Beginning with the August statements from White Hall City Hall, municipal water rates, and monthly curbside garbage collection fee will increase. Aldermen voted unanimously Monday to increase the rates and fee.

Beginning with the August statements from White Hall City Hall, municipal water rates, and monthly curbside garbage collection fee will increase. Aldermen voted unanimously Monday to increase the rates and fee.

An ordinance unanimously approved by the city council raised the monthly charge for the first 1,000 gallons of water used by a household or business from $5.50 to $6; increases the rate for 1,001 to 10,000 gallons from $2.20 to $2.70 a month; and the monthly charge for each 1,000 gallons over 10,000 gallons from $1.74 to $2.24.

The White Hall Street, Water and Sewer Committee approved the rate hikes June 5 and sent them to the council with a recommendation to adopt the increases.

Mayor Noel Foster said the average household will see a $2 to $3 increase in monthly water charges, with low volume users encountering little impact from the water fee hikes.

Foster’s recommendation to increase the monthly fee for weekly residential trash collections from $12 to $12.50 a month was approved without dissent.

Foster said the trash collection fee has not been increased in five years and Waste Management’s contract with the municipality allows the firm to request hikes to cover operating expenses, including fuel and personnel costs.

White Hall collects fees for weekly trash collections for Waste Management, adding the charge to monthly statements for water and sewer services.

To avoid operating a deficit in the water department, Foster also recommended raising the water deposit and water reconnect fees He called for increasing the deposit fee for water service from $50 to $150 and raising the reconnect fee from $30 to $50.

While White Hall now buys water wholesale from United Water Arkansas, the municipality maintains the distribution system, including water meters, Foster noted.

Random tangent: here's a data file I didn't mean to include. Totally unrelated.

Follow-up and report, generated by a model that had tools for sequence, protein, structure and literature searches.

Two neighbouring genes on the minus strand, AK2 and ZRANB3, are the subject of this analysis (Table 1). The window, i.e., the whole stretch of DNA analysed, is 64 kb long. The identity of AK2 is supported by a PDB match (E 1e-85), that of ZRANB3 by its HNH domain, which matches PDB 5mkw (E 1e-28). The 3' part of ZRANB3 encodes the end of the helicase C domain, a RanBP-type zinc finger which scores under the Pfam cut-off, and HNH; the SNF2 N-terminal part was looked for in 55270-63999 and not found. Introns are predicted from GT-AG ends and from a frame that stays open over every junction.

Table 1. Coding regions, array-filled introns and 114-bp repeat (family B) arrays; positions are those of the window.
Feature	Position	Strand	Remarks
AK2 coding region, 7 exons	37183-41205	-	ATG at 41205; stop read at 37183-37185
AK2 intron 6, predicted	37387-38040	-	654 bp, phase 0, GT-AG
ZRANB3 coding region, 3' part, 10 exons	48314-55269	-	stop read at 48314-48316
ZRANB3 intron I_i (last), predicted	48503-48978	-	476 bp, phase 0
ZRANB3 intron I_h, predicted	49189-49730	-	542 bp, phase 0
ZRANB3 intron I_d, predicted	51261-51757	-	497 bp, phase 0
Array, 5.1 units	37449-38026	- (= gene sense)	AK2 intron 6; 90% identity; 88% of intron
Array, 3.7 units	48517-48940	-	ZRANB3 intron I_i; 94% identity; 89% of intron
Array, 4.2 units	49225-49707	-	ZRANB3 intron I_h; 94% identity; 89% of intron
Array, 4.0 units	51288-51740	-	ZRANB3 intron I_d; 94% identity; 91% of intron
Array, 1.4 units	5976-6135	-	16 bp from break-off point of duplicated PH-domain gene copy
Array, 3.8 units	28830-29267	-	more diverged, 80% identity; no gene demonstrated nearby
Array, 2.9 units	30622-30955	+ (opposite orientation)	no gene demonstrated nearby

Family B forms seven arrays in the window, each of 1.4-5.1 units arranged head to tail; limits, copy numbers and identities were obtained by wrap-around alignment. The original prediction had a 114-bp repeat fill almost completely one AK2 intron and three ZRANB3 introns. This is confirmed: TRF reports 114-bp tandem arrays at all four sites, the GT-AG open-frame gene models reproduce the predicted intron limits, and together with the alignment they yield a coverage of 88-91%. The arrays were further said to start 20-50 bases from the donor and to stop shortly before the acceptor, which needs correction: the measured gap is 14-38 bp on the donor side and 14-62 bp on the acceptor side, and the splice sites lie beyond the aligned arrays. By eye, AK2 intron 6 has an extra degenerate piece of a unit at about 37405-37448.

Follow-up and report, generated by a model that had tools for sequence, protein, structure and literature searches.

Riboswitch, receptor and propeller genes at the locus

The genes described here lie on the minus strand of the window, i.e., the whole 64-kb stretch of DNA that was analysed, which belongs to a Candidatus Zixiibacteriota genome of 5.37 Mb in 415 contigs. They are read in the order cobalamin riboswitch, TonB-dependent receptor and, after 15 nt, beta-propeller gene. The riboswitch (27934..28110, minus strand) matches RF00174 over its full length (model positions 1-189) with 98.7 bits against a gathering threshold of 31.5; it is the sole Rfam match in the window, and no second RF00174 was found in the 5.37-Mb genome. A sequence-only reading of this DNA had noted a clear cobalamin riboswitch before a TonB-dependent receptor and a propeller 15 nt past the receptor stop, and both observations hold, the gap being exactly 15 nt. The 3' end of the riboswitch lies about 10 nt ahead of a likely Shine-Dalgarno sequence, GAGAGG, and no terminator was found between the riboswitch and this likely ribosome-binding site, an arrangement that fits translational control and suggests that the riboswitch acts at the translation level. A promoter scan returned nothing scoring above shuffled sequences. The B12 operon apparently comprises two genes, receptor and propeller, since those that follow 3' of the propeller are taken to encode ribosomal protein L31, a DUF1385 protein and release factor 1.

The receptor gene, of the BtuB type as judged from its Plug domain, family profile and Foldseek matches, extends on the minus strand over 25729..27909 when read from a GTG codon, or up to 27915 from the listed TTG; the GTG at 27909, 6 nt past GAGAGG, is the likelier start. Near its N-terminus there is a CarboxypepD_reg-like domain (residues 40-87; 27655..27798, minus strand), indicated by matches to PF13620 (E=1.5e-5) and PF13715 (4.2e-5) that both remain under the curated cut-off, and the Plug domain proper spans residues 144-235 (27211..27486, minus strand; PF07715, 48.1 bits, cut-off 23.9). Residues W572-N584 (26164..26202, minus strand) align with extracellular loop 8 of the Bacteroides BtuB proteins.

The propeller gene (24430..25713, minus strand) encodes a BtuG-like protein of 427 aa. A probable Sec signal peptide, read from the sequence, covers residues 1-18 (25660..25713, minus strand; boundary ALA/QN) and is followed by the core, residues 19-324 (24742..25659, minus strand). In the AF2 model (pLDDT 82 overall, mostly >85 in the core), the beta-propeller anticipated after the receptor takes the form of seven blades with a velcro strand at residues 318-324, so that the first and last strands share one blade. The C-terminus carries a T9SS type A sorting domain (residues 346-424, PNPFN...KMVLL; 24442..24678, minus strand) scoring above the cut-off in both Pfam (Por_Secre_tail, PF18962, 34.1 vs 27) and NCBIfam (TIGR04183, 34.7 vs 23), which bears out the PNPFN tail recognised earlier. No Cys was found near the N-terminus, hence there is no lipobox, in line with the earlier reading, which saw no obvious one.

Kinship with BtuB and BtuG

Many of the meters have been used for several decades, he said, and do not always reflect water consumption levels. The water department has replaced meters for high volume users – schools and businesses – with new meters resulting in an increase in “billable water sales,” Foster told the committee.

Tom Paschall, the CPA who presented the annual water and sewer audit report to the committee earlier this month, recommended the city build up a reserve fund to pay for major problems that may surface from time to time.

Other cities the size of White Hall have at least $500,000 in reserve, the accountant pointed out.

Aldermen waived normal procedures and placed the two ordinances involving the rate increases on three readings Monday. Each amendment to an existing ordinance included an emergency clause.

In other action Monday:

– Members and coaches of the White Hall High School girls softball team and boys baseball team received proclamations noting they brought home state 5A state championship trophies.

Foster said signs have been erected at entries to the city noting While Hall is home to two state championship teams.

The mayor quipped to the students that no signs would be posted for Wes McNulty, a White Hall resident who captured his fifth Arkansas State Golf Association’s Stroke Play Championship Saturday at Pleasant Valley Country Club in Little Rock.

– Foster briefed aldermen on the status of the city’s fire substation that will be constructed on Hospitality Lane south of Sheridan Road. He said the architectural plans have been completed and the project is out for bids.

– The tract for the proposed civic center is “substantially clear” and the city is taking bids for stump removal and may burn some debris from the clearing, Foster said, adding if the bids are high the municipality may rent the necessary equipment and have city employees do the clearing.

– He reminded aldermen the annual Fourth of July fireworks show is on schedule, noting that local businesses underwrite the cost of the fireworks.